Think of what it means to sell 200-million of anything. Apple sells on the order of 240-million iPhones each year, and each one is packed with technology components from displays to cameras, from SSD storage to CPUs to RAM, from various sensor, antennas, and buttons to cameras. With one obvious exception*, none of the parts suppliers can keep up with Apple’s demands for components.
Over the next 12 months Apple will ship somewhere on the order of 250-million iPhones, but they will not have the latest and greatest components found in iPhone X. In fact, some of the parts are a couple of years old which helps to explain why the iPhone line expands from iPhone SE at $349 to iPhone X at the other end of the spectrum at $1,149. In between are last year’s iPhone 7 and 7 Plus, and the iPhone 6s and 6s Plus from 2015.
Apple cannot obtain enough parts specific to iPhone X to sell 250-million units.
The iPhone sells in such numbers that Apple often is forced to used older components while competitors, specifically Samsung, but others, can use the latest and greatest because they sell so few smartphones by comparison. Apple sells more iPhones than Samsung sells Galaxy models, so even the Korean conglomerate has its own issues with components. But only Samsung makes smartphones and sell components to competitors, including Apple.
Apple has a problem with parts.
*The exception? The Apple designed, ARM-based CPUs, including the most recent; A10 Fusion and A11 Bionic which powers iPhone 8 and iPhone X. Apple designs the CPUs but manufacturing is farmed out to the likes of Samsung and TMSC in Taiwan.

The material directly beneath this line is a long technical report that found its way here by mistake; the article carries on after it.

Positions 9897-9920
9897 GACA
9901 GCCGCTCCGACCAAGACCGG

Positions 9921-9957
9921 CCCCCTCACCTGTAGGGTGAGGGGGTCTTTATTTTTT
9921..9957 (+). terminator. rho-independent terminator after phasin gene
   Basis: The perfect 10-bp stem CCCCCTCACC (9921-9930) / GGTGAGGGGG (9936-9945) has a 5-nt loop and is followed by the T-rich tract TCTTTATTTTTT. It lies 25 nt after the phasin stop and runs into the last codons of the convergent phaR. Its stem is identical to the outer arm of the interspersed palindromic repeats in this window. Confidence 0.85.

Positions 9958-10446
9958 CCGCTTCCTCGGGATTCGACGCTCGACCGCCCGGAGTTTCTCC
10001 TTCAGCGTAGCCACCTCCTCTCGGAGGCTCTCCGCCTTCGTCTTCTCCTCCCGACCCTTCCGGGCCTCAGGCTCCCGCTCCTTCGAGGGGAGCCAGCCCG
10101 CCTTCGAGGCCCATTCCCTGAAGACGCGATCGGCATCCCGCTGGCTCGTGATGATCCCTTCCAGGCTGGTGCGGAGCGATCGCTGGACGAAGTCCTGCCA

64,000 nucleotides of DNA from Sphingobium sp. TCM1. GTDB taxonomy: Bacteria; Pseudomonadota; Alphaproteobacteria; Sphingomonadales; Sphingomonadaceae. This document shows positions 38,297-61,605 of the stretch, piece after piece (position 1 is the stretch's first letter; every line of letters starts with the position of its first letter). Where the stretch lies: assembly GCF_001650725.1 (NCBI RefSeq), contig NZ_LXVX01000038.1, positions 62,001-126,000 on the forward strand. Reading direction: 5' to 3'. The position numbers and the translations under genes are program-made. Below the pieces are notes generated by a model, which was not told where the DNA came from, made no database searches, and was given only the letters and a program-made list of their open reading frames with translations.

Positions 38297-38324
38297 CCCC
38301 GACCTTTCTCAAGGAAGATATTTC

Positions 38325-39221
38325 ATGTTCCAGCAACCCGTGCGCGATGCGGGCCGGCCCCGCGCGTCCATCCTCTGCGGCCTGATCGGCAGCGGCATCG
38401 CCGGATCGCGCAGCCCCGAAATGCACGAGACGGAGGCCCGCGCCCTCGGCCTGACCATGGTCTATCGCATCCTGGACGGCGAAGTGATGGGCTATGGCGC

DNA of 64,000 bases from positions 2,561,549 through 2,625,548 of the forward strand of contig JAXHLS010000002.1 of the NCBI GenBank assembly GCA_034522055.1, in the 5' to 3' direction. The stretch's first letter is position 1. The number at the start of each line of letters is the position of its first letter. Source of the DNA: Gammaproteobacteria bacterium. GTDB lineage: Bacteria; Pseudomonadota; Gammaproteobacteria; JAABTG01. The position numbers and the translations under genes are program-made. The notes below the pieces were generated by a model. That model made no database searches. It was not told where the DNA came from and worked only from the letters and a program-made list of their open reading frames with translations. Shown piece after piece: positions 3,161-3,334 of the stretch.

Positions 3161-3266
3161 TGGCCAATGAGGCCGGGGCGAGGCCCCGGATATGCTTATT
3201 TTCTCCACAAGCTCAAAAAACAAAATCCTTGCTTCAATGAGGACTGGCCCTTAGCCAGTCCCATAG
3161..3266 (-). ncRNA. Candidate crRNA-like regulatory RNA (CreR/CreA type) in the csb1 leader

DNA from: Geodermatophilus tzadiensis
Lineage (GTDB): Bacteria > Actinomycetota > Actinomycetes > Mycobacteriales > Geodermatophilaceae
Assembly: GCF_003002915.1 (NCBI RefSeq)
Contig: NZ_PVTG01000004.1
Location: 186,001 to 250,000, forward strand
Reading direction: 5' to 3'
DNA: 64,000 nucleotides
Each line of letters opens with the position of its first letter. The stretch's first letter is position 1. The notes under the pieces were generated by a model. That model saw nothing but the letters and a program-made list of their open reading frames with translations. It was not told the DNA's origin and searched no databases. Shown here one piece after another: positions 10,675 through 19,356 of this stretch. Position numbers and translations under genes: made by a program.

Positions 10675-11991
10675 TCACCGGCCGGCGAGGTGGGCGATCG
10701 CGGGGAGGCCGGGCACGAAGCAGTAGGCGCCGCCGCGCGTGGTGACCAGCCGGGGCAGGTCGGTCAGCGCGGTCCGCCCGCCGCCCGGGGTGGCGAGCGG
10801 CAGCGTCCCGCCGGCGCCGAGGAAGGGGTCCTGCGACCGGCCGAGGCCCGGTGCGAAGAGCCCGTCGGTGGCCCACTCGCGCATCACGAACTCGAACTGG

Apple has a parts problem with technology giant Qualcomm which makes its own CPUs for smartphones and tablets, plus most of the modems and various chipsets in smartphones, including Apple’s iconic iPhone. These days Qualcomm and Apple are involved in a bitter dispute over royalties and contractural arrangements.
Apple has a problem with parts.
Our favorite Mac and iPhone maker is good at design but relies on components manufactured by others. Apple’s own CPUs help to differentiate iPhones and iPads from competitors, but the company relies on Intel, Qualcomm, and other component makers who sell the same parts to Apple’s competitors.
Apple has the money to buy any competitor and most component manufacturer, but even that strategy could go awry in a heartbeat because competition continues to drive the industry forward. Qualcomm and others who build the parts in modern smartphones make it easy for anyone to compete with Apple because all use mostly the same parts, and all smartphones– Android or iPhone– run mostly the same cross-platform applications.
Apple needs unique parts but doesn’t own much that differentiates iPhone from others– except for CPUs and various components here and there. Apple is suing Qualcomm now because it has a second source for modems. Intel.
Yet, even Intel is something of a speed bump for Apple because the Mac relies on Intel Inside and iPhones relies on Intel modems which are not as fast as Qualcomm.
This is a complicated supply chain and component maker problem for Apple but one thing is clear. Apple needs to make more of its critical parts.